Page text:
Notes: Huntington's disease (HD) is caused by the inheritance of a copy of the gene encoding mutant huntingtin with an expanded CAG repeat. Phosphodiesterase 10A (PDE10A) mRNA decreases in transgenic HD mice expressing exon 1 of the human huntingtin gene (HD). The mouse PDE10A mRNA is expressed through alternative splicing and polyadenylation in a tissue-specific manner and that transcription of striatal PDE10A mRNA is driven by two promoters. PDE10A2 is the predominant isoform of the gene is expressed in the striatum. Using in situ hybridization and quantitative RT-PCR, we determined that decreased steady-state levels of PDE10A2 mRNA were caused by an altered transcription initiation rate rather than by post-transcriptional mRNA instability in HD mice. Transcription from three initiation sites located within a 50-bp region in the PDE10A2-specific promoter was differentially affected by the presence of the mutant huntingtin transgene. The mouse and human PDE10A2 promoters are highly conserved with respect to the relative position of cis-regulatory elements. Several transcription factors that have been shown to interact with mutant huntingtin, including Sp1, neuron restrictive silencing factor, TATA-binding protein and cAMP-response element binding protein, are unlikely to be involved in mutant huntingtin-induced PDE10A2 transcriptional dysregulation.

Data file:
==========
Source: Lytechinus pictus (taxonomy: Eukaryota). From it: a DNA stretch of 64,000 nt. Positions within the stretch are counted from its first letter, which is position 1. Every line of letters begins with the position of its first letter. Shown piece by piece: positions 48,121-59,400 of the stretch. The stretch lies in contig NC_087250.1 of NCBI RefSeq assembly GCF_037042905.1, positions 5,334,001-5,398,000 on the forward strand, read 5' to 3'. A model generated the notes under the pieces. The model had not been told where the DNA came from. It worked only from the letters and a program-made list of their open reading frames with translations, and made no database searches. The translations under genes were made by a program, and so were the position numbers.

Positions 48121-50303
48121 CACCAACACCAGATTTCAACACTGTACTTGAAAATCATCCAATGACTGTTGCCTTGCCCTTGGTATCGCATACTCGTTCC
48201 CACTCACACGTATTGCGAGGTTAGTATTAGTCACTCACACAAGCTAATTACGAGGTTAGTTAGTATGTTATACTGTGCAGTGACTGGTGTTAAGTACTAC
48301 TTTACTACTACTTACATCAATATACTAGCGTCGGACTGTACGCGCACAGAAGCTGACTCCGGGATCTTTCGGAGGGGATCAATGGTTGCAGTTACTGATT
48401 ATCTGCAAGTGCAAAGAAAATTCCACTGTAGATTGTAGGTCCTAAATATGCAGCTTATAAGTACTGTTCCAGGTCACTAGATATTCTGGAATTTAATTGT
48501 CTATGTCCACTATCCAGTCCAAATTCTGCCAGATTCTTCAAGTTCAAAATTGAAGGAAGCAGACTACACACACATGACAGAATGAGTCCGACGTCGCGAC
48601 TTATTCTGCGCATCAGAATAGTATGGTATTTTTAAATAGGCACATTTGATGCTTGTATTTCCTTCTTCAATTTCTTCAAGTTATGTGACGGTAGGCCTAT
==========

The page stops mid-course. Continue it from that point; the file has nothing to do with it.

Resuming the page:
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  • 3
    ISSN: 1460-9568
    Source: Blackwell Publishing Journal Backfiles 1879-2005
    Topics: Medicine
    Notes: Down-regulation of T-type Ca channel current and mRNA occurs following differentiation of Y79 retinoblastoma cells. To understand how the decrease in expression is linked to cell differentiation, we examined transcriptional regulation of the Cav3.1 Ca channel gene, CACNA1G. We identified two putative promoters (A and B) in 1.3 kb of cloned genomic DNA. Reverse transcriptase-polymerase chain reaction and 5′ rapid amplification of cDNA ends-polymerase chain reaction analyses demonstrated that two transcripts with different 5′ untranslated regions are generated by different transcription start sites, with promoter A favoured in undifferentiated cells and promoter B favoured in differentiated cells. Functional analyses of the promoter sequence revealed that both promoters are active. Enhancer and repressor sequences were identified upstream of promoter A and B, respectively. These results suggest that the down-regulation of α1G mRNA in differentiated Y79 cells is mediated primarily by decreased activity of promoter A, which could occur in conjunction with repression of the activity of promoter B. The decrease in T-type Ca channel expression in Y79 cells may be an essential signal affecting phenotypic maturation and expression of other ion channel subtypes in the differentiated cells.